Welcome back to Cannes Check, In Contention's annual preview of the films in Competition at this year's Cannes Film Festival, which kicks off on May 14. Taking on different selections every day, we'll be examining what they're about, who's involved and what their chances are of snagging an award from Jane Campion's jury. Next up, one of the starrier entries in the lineup: Tommy Lee Jones' “The Homesman.”
The director: Tommy Lee Jones (American, 67 years old). Well, you know — it's Tommy Lee Jones. The Texas-born, Harvard-educated actor began his acting career on Broadway, and landed his first film role in the 1970 smash “Love Story” before beginning a five-year stint on the soap opera “One Life to Live.” His big-screen breakthrough came in the 1980 Oscar winner “Coal Miner's Daughter”; he picked up an Emmy for one of several TV movies he made in the decade, and his first Oscar nod in 1992 for “JFK.” The win came two years later for “The Fugitive,” launching him as a headlining star in such films as “Men in Black.”
A ranch owner who earned his western spurs with the likes of “Lonesome Dove” and “The Missing,” he dipped into the genre for his first theatrical directorial effort, Cannes winner “The Three Burials of Melquiades Estrada”; two years later, his starred in “No Country for Old Men” and picked up his third Oscar nod for “In the Valley of Elah”; a fourth came last year for “Lincoln.” “The Homesman” is his second feature film as a director. (He has also directed two TV films: “The Good Old Boys” and the Cormac McCarthy-scripted “The Sunset Limited.”)
The talent: As in all his behind-the-camera work to date, Jones also stars in the film — making him the only director in Competition this year to do so. The title character, however, is played by two-time Oscar winner Hilary Swank, looking to get back on track after a run of lukewarm-at-best projects. The supporting cast includes Jones' “Hope Springs” co-star Meryl Streep (whose daughter, Grace Gummer, also features) and his “Lincoln” co-star James Spader — evidently, Jones was casting around on his 2012 projects. Teen actress Hailee Steinfeld, who knows this genre terrain quite well after scoring an Oscar nod for “True Grit,” also stars, as do Miranda Otto, John Lithgow, William Fichtner, Tim Blake Nelson and Jesse Plemons.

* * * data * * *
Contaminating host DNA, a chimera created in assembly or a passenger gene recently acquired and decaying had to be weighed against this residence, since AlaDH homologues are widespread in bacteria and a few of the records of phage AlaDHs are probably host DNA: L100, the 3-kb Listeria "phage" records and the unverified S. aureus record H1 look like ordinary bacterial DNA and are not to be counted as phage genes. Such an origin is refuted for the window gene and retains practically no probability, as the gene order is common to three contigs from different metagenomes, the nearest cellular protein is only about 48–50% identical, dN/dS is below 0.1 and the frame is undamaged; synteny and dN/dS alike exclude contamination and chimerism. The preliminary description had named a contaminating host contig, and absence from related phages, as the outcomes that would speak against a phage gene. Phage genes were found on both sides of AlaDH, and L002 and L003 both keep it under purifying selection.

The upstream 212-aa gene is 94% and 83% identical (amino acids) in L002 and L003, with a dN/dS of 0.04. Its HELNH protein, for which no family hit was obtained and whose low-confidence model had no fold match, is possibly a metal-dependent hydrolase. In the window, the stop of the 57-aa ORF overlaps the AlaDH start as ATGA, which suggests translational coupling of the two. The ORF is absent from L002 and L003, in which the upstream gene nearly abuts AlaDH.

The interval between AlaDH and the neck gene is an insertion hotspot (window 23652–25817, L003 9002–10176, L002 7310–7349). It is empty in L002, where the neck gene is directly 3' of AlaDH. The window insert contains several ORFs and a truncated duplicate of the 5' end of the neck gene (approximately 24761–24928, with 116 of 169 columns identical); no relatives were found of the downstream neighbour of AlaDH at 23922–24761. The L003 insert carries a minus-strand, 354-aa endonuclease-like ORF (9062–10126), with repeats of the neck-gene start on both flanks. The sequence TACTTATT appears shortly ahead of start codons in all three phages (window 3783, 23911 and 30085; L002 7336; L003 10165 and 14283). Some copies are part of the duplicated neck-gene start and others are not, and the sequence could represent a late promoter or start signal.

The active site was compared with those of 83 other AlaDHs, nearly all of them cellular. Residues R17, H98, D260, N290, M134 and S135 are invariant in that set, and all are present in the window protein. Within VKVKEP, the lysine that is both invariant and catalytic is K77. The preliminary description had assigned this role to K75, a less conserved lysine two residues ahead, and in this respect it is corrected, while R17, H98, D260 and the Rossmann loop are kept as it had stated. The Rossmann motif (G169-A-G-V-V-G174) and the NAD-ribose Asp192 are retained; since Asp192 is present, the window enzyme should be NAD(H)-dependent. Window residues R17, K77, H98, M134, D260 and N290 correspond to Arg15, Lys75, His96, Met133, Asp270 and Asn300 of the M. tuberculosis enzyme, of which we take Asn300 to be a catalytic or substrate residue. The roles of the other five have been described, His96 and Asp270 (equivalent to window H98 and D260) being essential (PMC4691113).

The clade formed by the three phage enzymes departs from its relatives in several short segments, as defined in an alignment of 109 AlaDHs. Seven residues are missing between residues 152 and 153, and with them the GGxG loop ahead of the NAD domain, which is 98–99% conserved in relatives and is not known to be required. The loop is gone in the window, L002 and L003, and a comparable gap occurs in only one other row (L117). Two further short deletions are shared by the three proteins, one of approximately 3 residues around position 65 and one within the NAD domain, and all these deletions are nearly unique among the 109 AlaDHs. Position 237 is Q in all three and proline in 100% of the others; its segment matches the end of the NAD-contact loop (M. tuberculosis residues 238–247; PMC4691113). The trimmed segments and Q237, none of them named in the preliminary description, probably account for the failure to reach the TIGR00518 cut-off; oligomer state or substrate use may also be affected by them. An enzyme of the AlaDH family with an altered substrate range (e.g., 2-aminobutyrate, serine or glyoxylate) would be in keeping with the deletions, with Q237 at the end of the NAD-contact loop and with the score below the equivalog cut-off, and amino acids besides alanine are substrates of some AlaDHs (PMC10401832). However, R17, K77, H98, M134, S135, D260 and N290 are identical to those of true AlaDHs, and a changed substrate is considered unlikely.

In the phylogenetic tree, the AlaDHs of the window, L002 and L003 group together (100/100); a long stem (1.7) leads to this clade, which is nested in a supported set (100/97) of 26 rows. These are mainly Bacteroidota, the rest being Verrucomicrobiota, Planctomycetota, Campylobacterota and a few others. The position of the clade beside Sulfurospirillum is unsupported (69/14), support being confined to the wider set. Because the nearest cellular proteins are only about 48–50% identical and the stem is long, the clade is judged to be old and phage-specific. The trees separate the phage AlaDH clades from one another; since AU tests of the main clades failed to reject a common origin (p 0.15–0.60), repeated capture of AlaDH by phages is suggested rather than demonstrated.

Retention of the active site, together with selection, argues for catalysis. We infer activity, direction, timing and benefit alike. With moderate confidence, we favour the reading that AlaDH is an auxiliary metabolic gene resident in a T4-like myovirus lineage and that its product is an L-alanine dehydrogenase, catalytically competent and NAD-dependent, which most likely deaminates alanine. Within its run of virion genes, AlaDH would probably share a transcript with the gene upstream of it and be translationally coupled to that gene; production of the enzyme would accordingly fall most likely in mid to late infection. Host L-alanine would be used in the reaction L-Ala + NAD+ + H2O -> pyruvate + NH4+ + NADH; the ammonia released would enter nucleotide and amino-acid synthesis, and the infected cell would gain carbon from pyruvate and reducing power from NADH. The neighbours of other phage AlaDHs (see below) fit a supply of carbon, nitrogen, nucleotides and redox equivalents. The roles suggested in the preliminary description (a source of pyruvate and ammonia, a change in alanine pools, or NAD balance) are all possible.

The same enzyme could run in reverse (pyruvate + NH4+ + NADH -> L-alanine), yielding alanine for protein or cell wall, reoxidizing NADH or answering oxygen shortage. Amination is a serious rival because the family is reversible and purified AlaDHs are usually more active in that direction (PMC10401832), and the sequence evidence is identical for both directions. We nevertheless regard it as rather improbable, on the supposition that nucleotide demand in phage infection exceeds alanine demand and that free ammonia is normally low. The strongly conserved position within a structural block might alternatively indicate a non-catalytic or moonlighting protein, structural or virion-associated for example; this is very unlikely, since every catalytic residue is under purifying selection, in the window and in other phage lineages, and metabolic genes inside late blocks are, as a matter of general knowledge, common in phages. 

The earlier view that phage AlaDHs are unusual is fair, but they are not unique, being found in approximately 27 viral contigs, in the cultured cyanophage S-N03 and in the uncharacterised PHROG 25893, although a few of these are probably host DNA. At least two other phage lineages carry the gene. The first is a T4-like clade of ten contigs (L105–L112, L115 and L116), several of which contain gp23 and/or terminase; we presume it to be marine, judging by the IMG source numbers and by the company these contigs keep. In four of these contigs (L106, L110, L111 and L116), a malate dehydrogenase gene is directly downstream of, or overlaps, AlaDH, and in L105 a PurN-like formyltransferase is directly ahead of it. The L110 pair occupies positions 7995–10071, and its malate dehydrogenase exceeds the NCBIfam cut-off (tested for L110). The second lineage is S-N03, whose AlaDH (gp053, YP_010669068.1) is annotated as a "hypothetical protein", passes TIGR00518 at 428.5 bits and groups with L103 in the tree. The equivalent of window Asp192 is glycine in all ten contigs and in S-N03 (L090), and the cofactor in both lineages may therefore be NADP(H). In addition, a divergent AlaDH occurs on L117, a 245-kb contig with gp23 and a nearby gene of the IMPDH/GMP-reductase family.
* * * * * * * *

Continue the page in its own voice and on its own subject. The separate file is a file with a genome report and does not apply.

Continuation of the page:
The film marks Jones' second writing credit, after his 1995 TV film “The Good Old Boys”; he adapted Glendon Swarthout's novel with two similarly unseasoned scribes, Kieran Fitzgerald and former assistant Wesley Oliver. Jones is also one of five producers; others include French action merchant Luc Besson, who recently directed Jones in “The Family.” (The actor may have a reputation for crustiness, but he clearly knows how to make allies on set.) The Mexican Oscar nominee Rodrigo Prieto (best known for his collaborations with Ang Lee and Alejandro Gonzalez Inarittu) is the cinematographer. Two-time Oscar nominee Marco Beltrami (“3:10 to Yuma,” “The Hurt Locker”) composed the score; he returns from “Melquiades Estrada,” as do editor Roberto Silvi and production designer Merideth Boswell. Costume design Lahly Poore, an assistant on such films as “Titanic” and the western “Appaloosa,” here takes her highest-profile feature credit to date.
The premise: Highly acclaimed in western genre circles, Glendon Swarthout's 1988 novel has been in development for some time — Paul Newman originally snapped up the rights, and it's easy to see how the material would have appealed to him. Set in the mid-19th century, the story centers on Mary Bee Cuddy (Swank), a headstrong pioneer woman and former schoolteacher who is charged with the task of escorting three women — all deemed clinically insane — from Nebraska to a sanatorium in Iowa. Unwilling to carry out the arduous mission alone, she enlists shifty claim-jumper George Briggs (Jones) to help her. The premise carries faint echoes of Kelly Reichardt's “Meek's Cutoff,” while the film looks refreshingly female-focused for its genre, with a leading role that plays to Swank's steely strengths. The trailer, meanwhile, promises ravishingly desolate landscape work from Prieto. (The benchmark for Swarthout screen adaptations, incidentally, was set by Don Siegel's “The Shootist.”)
The prestige: Jones may not have auteur cachet, but his first feature did give him unexpected Cannes cred: something of a wild-card entry in the 2005 Competition, “The Three Burials of Melquiades Estrada” surprised by winning both Best Actor for Jones and Best Screenplay for Guillermo Arriaga. The American awards circuit may not have taken Cannes' lead on that one, but it was a successful enough debut – and one that has slowly gained a critical following over the years – to get him a widely predicted invitation back to the Croisette.
The buzz: Quietly confident, it seems – just as Jones the actor is regarded as a trusty workhorse of sorts, his directorial career appears to be shooting for the rugged classicism of a Clint Eastwood. That may not make “The Homesman” the sexiest prospect in Competition, but there's always a space for solid traditional storytelling at Cannes, and the trailer suggests Jones could fill it.
The odds: Jones may have entered the 2005 Competition as an outsider, but the bookies are a little wiser to him now, with Paddy Power placing him midfield at 16-1. (Jigsaw Lounge agrees.) Even if it goes over with critics, though, the film might be seen as a tad conventional for the Palme d'Or — a jury prize seems a likelier outcome, while a Best Actress win for Swank would send her back on the campaign trail for Oscar #3.
The date: The film premieres on Sunday, May 18.
Next in Cannes Check, we'll look at the first of two female-directed films in Competition: Naomi Kawase's “Still the Water.”